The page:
The Madness of Crowds

Douglas Murray in 2019. Photo by Andy Ngo

(The Madness of Crowds: Gender, Race and Identity by Douglas Murray) (2019) Murray’s enjoyable book is a start. A comprehensive book on the madness of crowds would comprise a 100-volume set, and require Edmund Burke as co-author. Why, this book doesn’t even analyse the French Revolution! Instead, the author takes to task those modern curios, identity and ‘intersectionality’, explains how the current thinking is to ‘unlock these oppressions’ after which something will happen (but what that is, no one is sure – modern Marxists being like the dog who chases the stick – once gathered, what next?) The work is…

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Who’s Running the Show?

January 24, 2020 | Posted by Peter Jakobsen | POLITICS, Ulalume |

[In the case of Miller v The Prime Minister [2019] UKSC 41, the UK Supreme Court (created in 2009 despite recognition of the real risk of “judges arrogating to themselves greater power than they have at the moment”)  heard an Appeal by Ms Gina Miller (a Guyanese-British business owner and activist who was rather more worried about Brexit than the legalities of executive action) challenging advice (given by Prime Minister Boris Johnson to Her Majesty the Queen) to prorogue (shut down) the unruly and hopelessly conflicted UK Parliament that had: (a) defied the majority of citizens voting for Brexit; (b) sabotaged…

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Morning Wars

January 19, 2020 | Posted by Peter Jakobsen | POLITICS, THUMBNAIL REVIEWS |

(aka The Morning Show) (Various Directors Apple TV+, 2019) As Bert Newton once said, “Morning TV? Surely Death is next.”  The Varnished Culture staff are owls, not sparrows, so we’ll take word of mouth that morning news shows offer relentless cheer, soft items, group-think and bonhomie – but deep nastiness off screen.  “Morning Wars” starts and ends as conventional soap opera, but of certain high standard. The proven anchor team – Mitch Kessler (Steve Carell) and Alex Levy (Jennifer Anniston) is rent asunder when Kessler – playing every philanderer confused by the #MeToo paradigm, or perhaps just Matt Lauer –…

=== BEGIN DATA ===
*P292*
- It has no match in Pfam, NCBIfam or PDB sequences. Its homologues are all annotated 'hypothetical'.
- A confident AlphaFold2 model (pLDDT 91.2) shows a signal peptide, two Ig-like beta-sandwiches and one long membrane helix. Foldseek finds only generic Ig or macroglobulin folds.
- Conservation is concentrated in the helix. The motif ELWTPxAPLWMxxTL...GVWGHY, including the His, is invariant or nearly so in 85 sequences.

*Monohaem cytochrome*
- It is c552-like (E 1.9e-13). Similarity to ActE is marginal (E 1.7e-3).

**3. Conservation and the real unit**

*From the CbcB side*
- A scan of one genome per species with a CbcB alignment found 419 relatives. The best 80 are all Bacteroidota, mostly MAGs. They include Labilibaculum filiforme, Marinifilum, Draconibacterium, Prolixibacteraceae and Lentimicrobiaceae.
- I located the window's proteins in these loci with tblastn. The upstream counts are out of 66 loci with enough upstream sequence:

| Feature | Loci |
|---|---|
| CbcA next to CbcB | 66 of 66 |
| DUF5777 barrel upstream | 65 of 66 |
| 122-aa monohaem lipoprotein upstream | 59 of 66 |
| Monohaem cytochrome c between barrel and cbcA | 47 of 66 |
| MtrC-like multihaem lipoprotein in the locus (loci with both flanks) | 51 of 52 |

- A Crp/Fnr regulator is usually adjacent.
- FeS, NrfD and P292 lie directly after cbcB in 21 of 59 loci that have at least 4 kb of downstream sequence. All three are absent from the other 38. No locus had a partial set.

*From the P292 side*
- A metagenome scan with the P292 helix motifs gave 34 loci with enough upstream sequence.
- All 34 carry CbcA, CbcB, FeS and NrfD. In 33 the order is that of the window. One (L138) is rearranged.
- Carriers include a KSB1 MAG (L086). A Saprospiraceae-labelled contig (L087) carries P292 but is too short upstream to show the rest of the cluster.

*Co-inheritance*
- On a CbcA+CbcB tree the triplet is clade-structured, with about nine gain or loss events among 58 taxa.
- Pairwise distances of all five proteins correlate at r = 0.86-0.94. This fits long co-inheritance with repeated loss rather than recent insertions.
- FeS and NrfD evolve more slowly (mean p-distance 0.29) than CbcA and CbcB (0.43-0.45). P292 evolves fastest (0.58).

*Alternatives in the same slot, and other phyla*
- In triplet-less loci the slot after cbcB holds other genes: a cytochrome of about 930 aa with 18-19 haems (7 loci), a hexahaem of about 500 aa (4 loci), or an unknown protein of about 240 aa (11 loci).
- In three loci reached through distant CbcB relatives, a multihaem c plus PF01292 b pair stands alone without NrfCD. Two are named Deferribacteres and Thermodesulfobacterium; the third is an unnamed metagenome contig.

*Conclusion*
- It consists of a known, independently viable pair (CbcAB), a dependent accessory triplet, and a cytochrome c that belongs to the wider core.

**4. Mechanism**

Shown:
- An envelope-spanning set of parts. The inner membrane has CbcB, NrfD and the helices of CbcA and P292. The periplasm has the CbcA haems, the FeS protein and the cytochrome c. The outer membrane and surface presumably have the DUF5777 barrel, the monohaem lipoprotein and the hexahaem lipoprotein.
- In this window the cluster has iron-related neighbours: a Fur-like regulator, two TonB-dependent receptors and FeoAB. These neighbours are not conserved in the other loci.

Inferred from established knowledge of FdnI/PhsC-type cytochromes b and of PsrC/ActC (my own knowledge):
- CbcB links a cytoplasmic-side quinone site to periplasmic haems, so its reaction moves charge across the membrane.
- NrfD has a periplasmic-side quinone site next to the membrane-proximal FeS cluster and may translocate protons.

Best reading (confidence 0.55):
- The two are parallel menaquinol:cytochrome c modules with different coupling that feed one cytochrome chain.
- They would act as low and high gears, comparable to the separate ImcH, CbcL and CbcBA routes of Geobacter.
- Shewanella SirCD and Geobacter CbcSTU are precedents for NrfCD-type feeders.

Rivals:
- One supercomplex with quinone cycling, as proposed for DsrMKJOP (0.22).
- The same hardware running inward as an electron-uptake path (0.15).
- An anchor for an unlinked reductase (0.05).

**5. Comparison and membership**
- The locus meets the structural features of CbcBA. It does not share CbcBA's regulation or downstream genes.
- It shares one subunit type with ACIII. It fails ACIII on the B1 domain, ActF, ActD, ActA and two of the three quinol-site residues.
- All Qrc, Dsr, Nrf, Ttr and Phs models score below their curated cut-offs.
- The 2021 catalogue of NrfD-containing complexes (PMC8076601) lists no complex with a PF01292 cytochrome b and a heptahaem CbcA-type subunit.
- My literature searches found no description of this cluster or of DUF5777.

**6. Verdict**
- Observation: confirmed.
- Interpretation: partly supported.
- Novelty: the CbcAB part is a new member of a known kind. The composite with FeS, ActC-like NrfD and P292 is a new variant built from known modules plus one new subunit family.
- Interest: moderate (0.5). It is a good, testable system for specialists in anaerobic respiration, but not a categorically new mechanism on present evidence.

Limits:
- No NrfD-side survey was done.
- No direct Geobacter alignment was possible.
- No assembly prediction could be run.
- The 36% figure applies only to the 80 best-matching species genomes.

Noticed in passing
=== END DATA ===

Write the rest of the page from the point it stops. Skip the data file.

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The Unmaking of a Mayor

All smiles; Candidates Beame, Buckley & Lindsay

By William F. Buckley, Jr (1966) New York may well be the greatest city in the world. The Varnished Culture loves it, as we have said again and again and again and again. But we are unlikely to have loved it in 1965. Then, as erudite Tory gadfly Buckley pungently puts it in his floridly verbose and fascinating account of that year’s Mayoral election, “You can’t walk from one end of New York to the other without a good chance of losing your wallet, your maidenhead, or your life; or without being told that white people are bigoted, that Negroes…

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The Wall Comes Down

November 9, 2019 | Posted by Peter Jakobsen | HISTORY, POLITICS |

Wall Up 13 August 1961: East German police and troops occupied the dividing line between that Soviet satellite and West Berlin, to stop the hemorrhaging of its citizens to the West of that city. Four days later, they started building the Berlin Wall. President Kennedy put US forces on alert and took diplomatic steps, but copped criticism for what was tagged a weak response. Possibly 200 people were killed trying to get over the Wall from the East to the West; probably many more of the tens and tens of thousands making the attempt over the years were dealt with…

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